Vol. 19, No. 1, Spring 2006
NOAH Celebrates 42 Years of Educational Success
Sybil Mimy, who marked her first anniversary as executive director of the New Opportunities at Hofstra (NOAH) Program in September 2005, boasts that she is an alumna of both the University and the NOAH Program.
NOAH students celebrate their academic success at the 2005 graduation reception for the program.
She recalls, "I was accepted into the NOAH Program in 1991 and graduated in 1995 with a Bachelor of Arts in history, specializing in Africana and American studies." She shares her NOAH experience with more than 800 Hofstra graduates who have benefited from this program, since its inception more than 42 years ago.
Hofstra University's NOAH Program originated as Negro Opportunities At Hofstra in 1964, soon after Congress passed the Civil Rights Act. Hofstra was the first private college to start such a program, not only in New York state, but in the nation. Sybil notes, "New York decided to make it the archetype for its Higher Education Opportunity Program [HEOP]." NOAH - which became a HEOP program after the latter was established by New York in 1969 to assist economically and educationally disadvantaged students - is supported in part by a grant from the New York State Education Department.
Although NOAH began as an initiative with disadvantaged African-American students in mind, Sybil says that it has since expanded to encompass "nontraditional students who include Hispanic, Caucasian, Asian, and Native American cultures." Its raison d'etre is to enable students with academic promise to earn an undergraduate degree that will transform their futures, even if they lack the grades, standardized test scores and the financial resources to qualify for regular admission.
Provost and Senior Vice President for Academic Affairs Herman Berliner, who has worked closely with the program for 25 years, notes with pride the success of graduates of the program. "Over the years there have been numerous graduates of the program who have been very successful in their chosen fields of endeavor, and the reputation of our University has been enhanced by the success of these graduates."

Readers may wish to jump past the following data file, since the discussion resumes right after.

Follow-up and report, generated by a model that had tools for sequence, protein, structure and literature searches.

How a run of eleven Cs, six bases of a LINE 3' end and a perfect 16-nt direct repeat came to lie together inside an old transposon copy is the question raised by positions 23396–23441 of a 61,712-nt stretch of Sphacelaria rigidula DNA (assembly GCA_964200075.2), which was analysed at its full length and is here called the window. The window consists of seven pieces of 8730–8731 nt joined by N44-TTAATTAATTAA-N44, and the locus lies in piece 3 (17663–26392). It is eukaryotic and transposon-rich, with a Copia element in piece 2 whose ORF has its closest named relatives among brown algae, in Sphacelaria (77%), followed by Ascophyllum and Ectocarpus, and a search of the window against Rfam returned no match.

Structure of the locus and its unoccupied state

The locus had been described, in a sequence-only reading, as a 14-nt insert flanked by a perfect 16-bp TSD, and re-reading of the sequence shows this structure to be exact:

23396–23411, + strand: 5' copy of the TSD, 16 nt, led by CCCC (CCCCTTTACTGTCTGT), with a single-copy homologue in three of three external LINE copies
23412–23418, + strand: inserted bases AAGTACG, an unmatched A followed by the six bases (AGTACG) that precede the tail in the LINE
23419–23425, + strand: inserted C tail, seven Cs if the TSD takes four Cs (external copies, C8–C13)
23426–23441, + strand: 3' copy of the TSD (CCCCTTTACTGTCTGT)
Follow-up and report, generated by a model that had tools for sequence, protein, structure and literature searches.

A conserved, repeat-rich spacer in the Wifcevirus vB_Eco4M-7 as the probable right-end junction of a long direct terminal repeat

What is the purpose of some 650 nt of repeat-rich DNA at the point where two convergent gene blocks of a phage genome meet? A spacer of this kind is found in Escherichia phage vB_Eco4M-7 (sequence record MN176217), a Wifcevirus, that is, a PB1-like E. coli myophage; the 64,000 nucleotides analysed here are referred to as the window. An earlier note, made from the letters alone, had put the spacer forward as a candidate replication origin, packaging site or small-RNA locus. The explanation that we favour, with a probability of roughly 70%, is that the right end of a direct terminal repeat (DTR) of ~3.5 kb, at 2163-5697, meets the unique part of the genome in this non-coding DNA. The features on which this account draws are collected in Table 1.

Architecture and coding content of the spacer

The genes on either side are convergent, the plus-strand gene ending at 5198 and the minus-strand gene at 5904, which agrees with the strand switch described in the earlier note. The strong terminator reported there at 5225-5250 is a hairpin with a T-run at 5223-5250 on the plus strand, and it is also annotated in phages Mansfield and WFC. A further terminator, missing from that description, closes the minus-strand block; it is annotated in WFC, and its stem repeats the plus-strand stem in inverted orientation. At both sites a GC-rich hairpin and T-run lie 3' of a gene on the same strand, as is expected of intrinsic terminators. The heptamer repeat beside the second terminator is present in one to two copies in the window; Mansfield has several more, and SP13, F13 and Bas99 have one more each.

Sabir Manteen '81, now president of Nu Millennium Builders, LLC, credits NOAH with giving him one of the most important and rigorous experiences of his life. While still a student at Westbury High School on Long Island, Sabir's guidance counselor strongly encouraged him to interview for application into NOAH. "From about 700 students who applied for admission, I was one of about 44 students who was accepted."
Sabir says that the NOAH experience not only helped him develop his academic and social skills, but "it enabled me to compete in the marketplace and prepared me to be active in my community and serve the country at large."
In addition to his studies, Sabir interned in the NOAH office under then-director Frank Smith and served as a tutor counselor to incoming NOAH students, forming friendships that have lasted to this day. Part of Sabir's assignments was to work the six-week summer program with the NOAH freshmen.
Ady Piña, a current NOAH student who will graduate this spring, has dubbed this summer program an "Academic Boot Camp" which, in addition to improving math and reading skills, also builds a sense of community among the students. Ady, a speech communication major, was a student at the Bronx School for Law, Government and Justice, when he first learned about NOAH.
It came to his attention when he was completing his admissions application to Hofstra. At that time he thought it was only a financial aid program. After a visit to his high school by Frank Smith, Ady learned it was much more... | more |